RBI cuts lending rate by 0.25 pc, retains policy stance at Neutral
Mumbai: In an attempt to propel economy ahead of the general elections, the RBI Thursday lowered the benchmark interest rate by 0.25 per cent, the second cut in a row, to the lowest level in one year on softening inflation.
The central bank, however, kept monetary policy stance ‘Neutral’ over uncertainty over monsoon.
It also lowered GDP growth forecast for the 2018-19 to 7.2 per cent from 7.4 per cent predicted in February policy.
In the second policy review under Governor Shaktikanta Das, the six-member Monetary Policy Committee voted 4:2 in favour of the rate cut.
The benchmark interest rate was cut by 0.25 per cent to 6 per cent, a move which will result in lower cost of borrowing for banks that are expected to transmit the same to individuals and corporates.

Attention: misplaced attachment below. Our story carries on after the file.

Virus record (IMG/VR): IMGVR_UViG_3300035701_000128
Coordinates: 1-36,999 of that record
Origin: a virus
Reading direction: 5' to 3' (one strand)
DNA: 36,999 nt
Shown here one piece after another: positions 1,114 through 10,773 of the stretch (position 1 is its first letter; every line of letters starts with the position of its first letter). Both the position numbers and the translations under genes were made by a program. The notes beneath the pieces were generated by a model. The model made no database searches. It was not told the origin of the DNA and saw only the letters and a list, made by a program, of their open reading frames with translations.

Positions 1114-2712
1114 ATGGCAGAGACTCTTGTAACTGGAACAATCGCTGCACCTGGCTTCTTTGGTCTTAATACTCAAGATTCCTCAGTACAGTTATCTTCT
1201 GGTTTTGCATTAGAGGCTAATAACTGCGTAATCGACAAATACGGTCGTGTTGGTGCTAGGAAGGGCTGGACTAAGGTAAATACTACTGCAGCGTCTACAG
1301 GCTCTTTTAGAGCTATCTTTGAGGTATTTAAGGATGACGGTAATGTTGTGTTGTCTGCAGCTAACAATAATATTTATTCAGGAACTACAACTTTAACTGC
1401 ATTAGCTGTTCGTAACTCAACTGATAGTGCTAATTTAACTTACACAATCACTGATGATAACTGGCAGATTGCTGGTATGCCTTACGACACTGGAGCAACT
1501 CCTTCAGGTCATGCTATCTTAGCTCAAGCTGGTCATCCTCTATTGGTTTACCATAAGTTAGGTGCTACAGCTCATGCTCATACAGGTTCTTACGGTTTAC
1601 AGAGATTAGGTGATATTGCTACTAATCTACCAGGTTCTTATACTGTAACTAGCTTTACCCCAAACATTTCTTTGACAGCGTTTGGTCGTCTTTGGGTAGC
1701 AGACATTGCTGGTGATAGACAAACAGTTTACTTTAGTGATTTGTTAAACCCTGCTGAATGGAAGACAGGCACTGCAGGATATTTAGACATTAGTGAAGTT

The Reserve Bank of India (RBI) on February 7 had last cut interest rate to 6.25 per cent from 6.5 per cent.
Last time repo rate stood at 6 per cent was in April 2018.
The rate cut is in consonance of achieving the medium term objective of maintaining inflation at the 4 per cent level while supporting growth, the RBI said in its first bi-monthly monetary policy statement for 2019-20.
“The Monetary Policy Committee (MPC) notes that the output gap remains negative and the domestic economy is facing headwinds, especially on the global front. The need is to strengthen domestic growth impulses by spurring private investment which has remained sluggish,” it noted.
In the monetary policy report the RBI said going forward, alternative farm support schemes and farm loan waivers announced by some state governments, higher minimum support prices and food procurement, and lower direct tax collections could put upward pressure on the combined fiscal deficit.
It also said that headline CPI inflation is expected to move up from its recent lows as the favourable base effects dissipate but is expected to remain below the target of 4 per cent.
Talking about upside risk to inflation trajectory, it said, higher crude oil prices, volatility in international financial markets, the risk of a sudden reversal in the prices of perishable food items, and fiscal slippages are some of the challenges.